For whatever reason the animals went through the tall grass and circled round, calmly, but quickly the man went back the way he had come, keep a wary eye behind him in case they came down the path behind him. He went back to the green avenue, he walked it up to the second furthest entrance, always wary of the dogs. He went through the passage way of trees on both sides to the open land beyond. As he stepped out into the open land. It was glorious rolling hills, banks of the valley, flat plains trees, oh so many old and glorious trees. The signs of autumn were there, the yellow and brown patches to the mostly green trees.

As he looked over to a hill, just further past he could see the two dogs running round. Were they guardians of this land, was he not meant to be here? He could see no one else around, had this place changed so much that his Gods no longer welcomed people to this holy place. He decided to wait the guardians out. They ran round for a bit, then went over the hill, ahead of him and over into the trees to his left. He turned right and headed for the hill, it would be a good vantage point to eye the land, and keep his eyes out for the dogs.

Strangely the idea of being hunted, the idea that the longer he spent in this world, the more danger he was in, it reached to him, he was now part of the land. He was hunter of his own spirit, but while he was here he was also the hunted. Should the way he treated this land, his respect for it falter then he would find himself no part of this world, or the mundane world.

From the hill he could see all around, most of this area of the valley was his to see, he couldn’t see where he wanted to go, the land concealed it, held it protected against its bosom. He looked for the two dogs but could not see them, somewhere distant he heard a bark, so he took it as a good sign and headed further into the valley. He came to another passage of trees, this one lead down to the pond, an old area where water come up from the ground, ran for a bit then went back into the land. It was a beautiful place, a place of power, yet tranquil. Passing the tree’s he could hear the birds moving, every so often he thought he heard breathing, more than birds something larger. He hoped it wasn’t the dogs, but just in case he was extra vigilant. He pushed the fear aside, he wasn’t willing to enter a place of the Gods with fear in his heart or in his mind.

As he walked down the passage way, the water before him seemed to speak invitingly. He recognised the siren’s call of water nature, but he knew beneath the calm surface was a danger unseen, the depths, though not deep would trap a man still, then pull him under. He had heard the stories when he had been a child. He walked down by the water, he walked past the island, the stones that led to it were no longer there, and round it was over grown with reeds. He sighed, once it had not been like this, but he took solace in some things didn’t change. The feeling of the area was still the same, and it felt good. He spent a few minutes there, before heading back part of the way he had come. He took a right and head over some scrub land. He went to the end of the pond, a place unseen by most. It was a small pool, set a foot or so below the ground level, with rocks. Trees crowded round to one side, he sat down, and meditated. This was where the Gods spoke to him when he was a child. This was where the fairies came to play.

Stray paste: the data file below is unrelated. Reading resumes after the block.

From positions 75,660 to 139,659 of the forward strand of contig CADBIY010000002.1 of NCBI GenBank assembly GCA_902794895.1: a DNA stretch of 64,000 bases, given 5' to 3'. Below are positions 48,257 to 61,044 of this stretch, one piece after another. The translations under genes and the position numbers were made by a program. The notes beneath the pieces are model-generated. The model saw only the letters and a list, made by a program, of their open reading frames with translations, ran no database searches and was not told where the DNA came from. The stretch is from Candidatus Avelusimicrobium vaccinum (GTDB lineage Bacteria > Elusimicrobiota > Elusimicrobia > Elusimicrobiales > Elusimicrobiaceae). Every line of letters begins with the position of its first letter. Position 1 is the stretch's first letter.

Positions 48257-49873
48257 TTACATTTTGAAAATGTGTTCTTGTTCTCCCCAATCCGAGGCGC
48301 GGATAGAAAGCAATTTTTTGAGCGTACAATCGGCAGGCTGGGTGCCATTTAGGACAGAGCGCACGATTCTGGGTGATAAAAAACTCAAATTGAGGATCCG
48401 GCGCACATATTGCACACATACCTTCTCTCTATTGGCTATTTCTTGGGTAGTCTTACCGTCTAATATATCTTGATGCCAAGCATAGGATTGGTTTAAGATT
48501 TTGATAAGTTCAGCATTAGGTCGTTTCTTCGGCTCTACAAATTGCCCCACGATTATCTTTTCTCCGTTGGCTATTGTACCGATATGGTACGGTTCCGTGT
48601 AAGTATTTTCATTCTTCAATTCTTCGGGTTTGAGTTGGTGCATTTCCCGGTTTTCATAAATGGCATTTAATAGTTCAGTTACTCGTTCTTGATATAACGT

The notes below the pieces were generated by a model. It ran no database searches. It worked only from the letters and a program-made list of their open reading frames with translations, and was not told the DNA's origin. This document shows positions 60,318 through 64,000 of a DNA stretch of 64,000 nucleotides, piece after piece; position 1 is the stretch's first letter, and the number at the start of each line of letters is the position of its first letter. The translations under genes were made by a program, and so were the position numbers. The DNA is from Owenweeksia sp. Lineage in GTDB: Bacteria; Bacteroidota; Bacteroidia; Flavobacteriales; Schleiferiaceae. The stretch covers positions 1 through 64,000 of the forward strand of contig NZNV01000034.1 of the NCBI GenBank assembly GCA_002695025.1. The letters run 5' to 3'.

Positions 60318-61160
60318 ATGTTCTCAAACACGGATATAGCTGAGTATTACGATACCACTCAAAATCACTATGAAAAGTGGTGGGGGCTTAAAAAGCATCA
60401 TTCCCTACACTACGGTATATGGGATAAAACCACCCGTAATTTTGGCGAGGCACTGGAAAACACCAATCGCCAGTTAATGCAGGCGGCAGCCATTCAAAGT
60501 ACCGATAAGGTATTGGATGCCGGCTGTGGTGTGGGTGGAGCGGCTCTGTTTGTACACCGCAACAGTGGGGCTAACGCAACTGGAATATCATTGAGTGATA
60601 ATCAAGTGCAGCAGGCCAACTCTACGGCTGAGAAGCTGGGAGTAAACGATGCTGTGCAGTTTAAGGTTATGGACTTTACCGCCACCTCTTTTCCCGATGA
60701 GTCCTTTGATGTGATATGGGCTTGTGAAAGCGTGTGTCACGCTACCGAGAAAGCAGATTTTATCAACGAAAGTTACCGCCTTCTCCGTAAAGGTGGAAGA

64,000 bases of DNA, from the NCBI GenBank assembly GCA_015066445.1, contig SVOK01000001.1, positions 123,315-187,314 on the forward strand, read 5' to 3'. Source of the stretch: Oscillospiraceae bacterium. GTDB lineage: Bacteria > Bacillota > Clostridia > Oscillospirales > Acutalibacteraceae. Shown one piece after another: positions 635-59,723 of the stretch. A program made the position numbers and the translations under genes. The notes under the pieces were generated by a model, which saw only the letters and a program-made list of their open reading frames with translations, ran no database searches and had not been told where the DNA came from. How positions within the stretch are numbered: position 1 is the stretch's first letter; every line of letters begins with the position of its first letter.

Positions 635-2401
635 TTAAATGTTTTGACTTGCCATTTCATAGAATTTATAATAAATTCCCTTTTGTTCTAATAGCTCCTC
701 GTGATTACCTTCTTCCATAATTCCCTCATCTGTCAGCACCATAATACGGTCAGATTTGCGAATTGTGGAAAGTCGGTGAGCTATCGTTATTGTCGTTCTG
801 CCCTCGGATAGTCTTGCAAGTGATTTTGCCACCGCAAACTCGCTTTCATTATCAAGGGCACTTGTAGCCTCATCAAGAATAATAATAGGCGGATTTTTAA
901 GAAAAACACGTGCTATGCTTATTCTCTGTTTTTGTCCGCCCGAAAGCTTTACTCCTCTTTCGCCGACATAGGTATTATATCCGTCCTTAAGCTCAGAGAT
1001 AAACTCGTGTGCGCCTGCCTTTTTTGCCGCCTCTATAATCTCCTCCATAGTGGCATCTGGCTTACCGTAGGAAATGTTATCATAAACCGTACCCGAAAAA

His visions came and went, he saw the past, and he saw the bits of the future he was allowed to see. When all was done, his sense of peace returned, he got up, leaving a small gift to the land. A piece of bread and a piece of topaz. He head off back to the plains, taking the long way enjoying the land around him.

He heard a bark in the distance as he got to the plains, he looked round, and following the line of the hill he could see the two dogs in the distance. He was very aware they could come down a straight route from where they were to the passageway to the green avenue. He decided that he’d risk it, be it the gods will, that their two guardians stop him. He got near the passageway, and looked round, he could the see the dogs coming towards where he was, they weren’t running, they were ambling down. He quickened his pace, but remaining casual, he got through the passageway, constantly looking back to know if he had to run or not. The dogs stopped at the end of the passageway, not following him. They loitered in the area sniffing round, and watching him. The guardians were allowing him to leave, they had allowed him to enter, but had given him a warning, though he was in a land of immortals, he was still mortal, and his will did not countermand the lands. If only the rest of the world understood that.

He left the way he had come, saying thank you to the lands, leaving just a common stone he had found on his travels through, he left it by the entrance, significantly telling the land he that he returned what he took. His final mark of respect before stepping back into his world.

One thought on “Primrose Valley, Leeds – My Childhood Playground

  1. william grinder says:

    I am a student at Askam Bryan college on a countryside management degree and live closeby to the Primrose Valley, I will soon be putting together a case study on the valley and suggesting ways to improve its biodiversity.
    I wonder if you would be kind enough to answer a few questions about the valley as you clearly seem to have good knowledge and experience of the area.
    Please email me on williamgrinder@live.co.uk if you would be kind enough to speak to me about this. Many thanks, William Grinder